Academic journal article Exceptional Children

Narrating Self and Disability: Latino Mothers' Construction of Identities Vis-a-Vis Their Child with Special Needs

Academic journal article Exceptional Children

Narrating Self and Disability: Latino Mothers' Construction of Identities Vis-a-Vis Their Child with Special Needs

Article excerpt

Having a child with a disability raises key questions that parents are likely to continue to revisit as their child matures and as the child and family undergo transitions in school and other life experiences. Many of these questions focus on practical concerns: (a) how to teach the child and provide an environment that maximizes his or her development; (b) how to assure that the child receives the services and supports necessary to succeed in school and life outside of school; (c) how to cope with the various demands and expectations that come with having a child with a disability; and (d) how to understand the cause and characteristics of the child's condition. Other questions, however, reflect deeper concerns with meaning and purpose in life: (a) how can I make sense out of why this happened to my child; (b) what does it mean for me and my life; and (c) what is its meaning in the larger world?

How individuals, institutions, and societies create meanings around disability has received some attention in special education research (e.g., Blatt, 1985; Bogdan, Brown, & Foster, 1982; Ferguson & Ferguson, 1995; Taylor & Bogdan, 1989; Wolfensberger, 1975). For the most part, however, studies on parents' responses to having a child with a disability are based on the premise that this event leads to negative outcomes and processes (Gallimore, Bernheimer, & Weisner, 1999; Sobsey, 1996; Turnbull & Turnbull, 1993), such as increased psychological stress, depression, and burden of care (e.g., Blacher, Shapiro, Lopez, Diaz, & Fusco, 1997; Breslau, Staruch, & Mortimer, 1982; Heller, Markwardt, Rowitz, & Farber, 1994). The conceptual approaches and methods employed in these studies are less adapted to uncovering how parents construct personal, social, and religious meanings around their child's disability--meanings that may cast the ways disability has affected them and their family in a more positive light. When methods other than scales that measure depression, stress, or coping are used--such as open-ended interviews that allow parents to narrate their perspectives--we find that families may talk about difficult times and struggles, especially as they recall their initial responses and adaptations to disability, but they do not always, or even primarily, focus on the deficits or pathologies of these experiences. Instead, they often talk about their child's disability in a more positive and meaningful way: as a stimulus for learning life's lessons, becoming more tolerant and less judgmental of others, and uniting the family (Affleck & Tennen, 1993; Patterson & Leonard, 1994; Turnbull, Blue-Banning, Behr, & Kerns, 1986). They sometimes speak of positive or existential transformations that occurred in themselves, in their relationships with others, and in their perspectives on life because of the experience of parenting a child with a disability (Saetersdal, 1997; Scorgie, 1996; Sobsey, 1996). They highlight the strengths of their child while downplaying characteristics that others might perceive as limitations (Harry, 1992; Turnbull & Turnbull).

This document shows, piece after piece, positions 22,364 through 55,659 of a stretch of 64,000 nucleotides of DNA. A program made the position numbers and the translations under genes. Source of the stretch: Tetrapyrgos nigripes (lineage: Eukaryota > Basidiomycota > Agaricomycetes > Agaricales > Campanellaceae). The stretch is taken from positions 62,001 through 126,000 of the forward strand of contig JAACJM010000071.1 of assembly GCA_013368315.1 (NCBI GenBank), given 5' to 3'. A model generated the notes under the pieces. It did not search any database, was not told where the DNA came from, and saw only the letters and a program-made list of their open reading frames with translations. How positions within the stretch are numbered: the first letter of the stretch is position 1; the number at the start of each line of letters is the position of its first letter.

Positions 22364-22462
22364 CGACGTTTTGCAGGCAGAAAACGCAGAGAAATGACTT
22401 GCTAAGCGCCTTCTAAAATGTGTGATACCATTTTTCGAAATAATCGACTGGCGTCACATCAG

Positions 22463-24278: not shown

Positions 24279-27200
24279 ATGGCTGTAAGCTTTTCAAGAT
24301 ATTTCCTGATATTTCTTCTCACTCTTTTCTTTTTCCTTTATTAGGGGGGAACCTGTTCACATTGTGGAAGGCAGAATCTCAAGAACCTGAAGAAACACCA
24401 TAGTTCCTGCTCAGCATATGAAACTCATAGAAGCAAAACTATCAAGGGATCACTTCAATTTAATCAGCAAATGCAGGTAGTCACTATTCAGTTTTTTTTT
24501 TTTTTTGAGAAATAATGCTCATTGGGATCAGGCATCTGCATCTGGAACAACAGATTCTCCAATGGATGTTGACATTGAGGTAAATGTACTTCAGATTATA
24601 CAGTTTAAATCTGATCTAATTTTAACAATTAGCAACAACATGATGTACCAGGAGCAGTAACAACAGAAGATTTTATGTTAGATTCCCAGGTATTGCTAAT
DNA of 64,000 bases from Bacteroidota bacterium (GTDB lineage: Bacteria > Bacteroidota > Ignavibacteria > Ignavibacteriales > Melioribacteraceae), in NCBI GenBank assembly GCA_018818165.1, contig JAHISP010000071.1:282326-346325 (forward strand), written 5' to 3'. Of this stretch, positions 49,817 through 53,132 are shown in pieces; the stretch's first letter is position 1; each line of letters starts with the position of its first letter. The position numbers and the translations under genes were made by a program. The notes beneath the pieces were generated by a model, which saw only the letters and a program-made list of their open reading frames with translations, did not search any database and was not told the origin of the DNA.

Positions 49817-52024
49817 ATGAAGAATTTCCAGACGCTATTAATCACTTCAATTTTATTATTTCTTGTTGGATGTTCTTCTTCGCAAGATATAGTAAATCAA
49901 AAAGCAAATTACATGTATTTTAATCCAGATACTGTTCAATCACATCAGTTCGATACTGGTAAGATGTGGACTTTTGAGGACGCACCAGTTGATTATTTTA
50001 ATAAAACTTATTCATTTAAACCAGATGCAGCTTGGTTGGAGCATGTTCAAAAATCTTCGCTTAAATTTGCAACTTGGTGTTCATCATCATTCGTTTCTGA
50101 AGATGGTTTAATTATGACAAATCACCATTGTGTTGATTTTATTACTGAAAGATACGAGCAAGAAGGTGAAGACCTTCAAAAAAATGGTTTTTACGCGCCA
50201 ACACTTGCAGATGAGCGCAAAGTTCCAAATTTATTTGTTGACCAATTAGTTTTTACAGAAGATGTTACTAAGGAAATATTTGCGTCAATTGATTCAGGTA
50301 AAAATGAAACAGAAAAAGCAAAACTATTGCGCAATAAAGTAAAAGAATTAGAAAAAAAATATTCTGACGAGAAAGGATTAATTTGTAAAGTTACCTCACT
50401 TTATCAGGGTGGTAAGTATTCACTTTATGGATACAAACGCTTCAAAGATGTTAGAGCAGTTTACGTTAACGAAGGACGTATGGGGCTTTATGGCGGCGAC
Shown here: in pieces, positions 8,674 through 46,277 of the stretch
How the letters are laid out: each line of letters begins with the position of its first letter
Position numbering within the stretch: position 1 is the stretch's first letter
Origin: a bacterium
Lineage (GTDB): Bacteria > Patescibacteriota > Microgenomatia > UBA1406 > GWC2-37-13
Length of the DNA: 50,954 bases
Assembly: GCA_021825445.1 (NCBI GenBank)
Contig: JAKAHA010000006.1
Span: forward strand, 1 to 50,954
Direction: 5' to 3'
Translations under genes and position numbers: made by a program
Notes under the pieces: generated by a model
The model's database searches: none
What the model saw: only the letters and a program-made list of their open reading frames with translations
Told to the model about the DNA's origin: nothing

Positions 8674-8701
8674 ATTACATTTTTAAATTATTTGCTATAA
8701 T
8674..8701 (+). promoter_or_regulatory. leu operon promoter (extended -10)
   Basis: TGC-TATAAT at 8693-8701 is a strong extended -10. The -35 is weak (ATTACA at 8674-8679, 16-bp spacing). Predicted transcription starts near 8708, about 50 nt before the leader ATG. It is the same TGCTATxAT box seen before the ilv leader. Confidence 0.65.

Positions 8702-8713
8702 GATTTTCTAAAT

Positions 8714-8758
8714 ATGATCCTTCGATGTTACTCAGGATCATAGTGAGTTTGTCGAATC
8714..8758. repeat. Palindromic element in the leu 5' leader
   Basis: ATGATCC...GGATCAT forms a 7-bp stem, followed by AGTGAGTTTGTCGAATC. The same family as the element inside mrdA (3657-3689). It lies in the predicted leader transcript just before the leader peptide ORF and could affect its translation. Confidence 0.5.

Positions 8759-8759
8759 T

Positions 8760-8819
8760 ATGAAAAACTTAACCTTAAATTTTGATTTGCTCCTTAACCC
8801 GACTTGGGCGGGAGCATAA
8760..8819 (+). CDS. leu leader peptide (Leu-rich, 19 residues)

These types of studies suggest that the narrative form is not only a means parents use to recount their experiences, but also is a significant tool for creating understandings and emotions around disability. By reframing disability in certain ways, individuals can enhance their coping strategies, effect a sense of well-being, and generate an acceptance of disability as a part of life (Traustadottir, 1991; Turnbull, et al., 1993). Because narratives are such a powerful resource, they are an important source of data for examining how parents weave together complex and personal understandings of their child's disability and themselves in relation to it. They become a primary key for viewing this meaning-making process (Lutz & Abu-Lughod, 1990; Miller, 1996).

In this article, we continue these examinations into the ways in which parents come to understand their child's disability and themselves in relation to it. …

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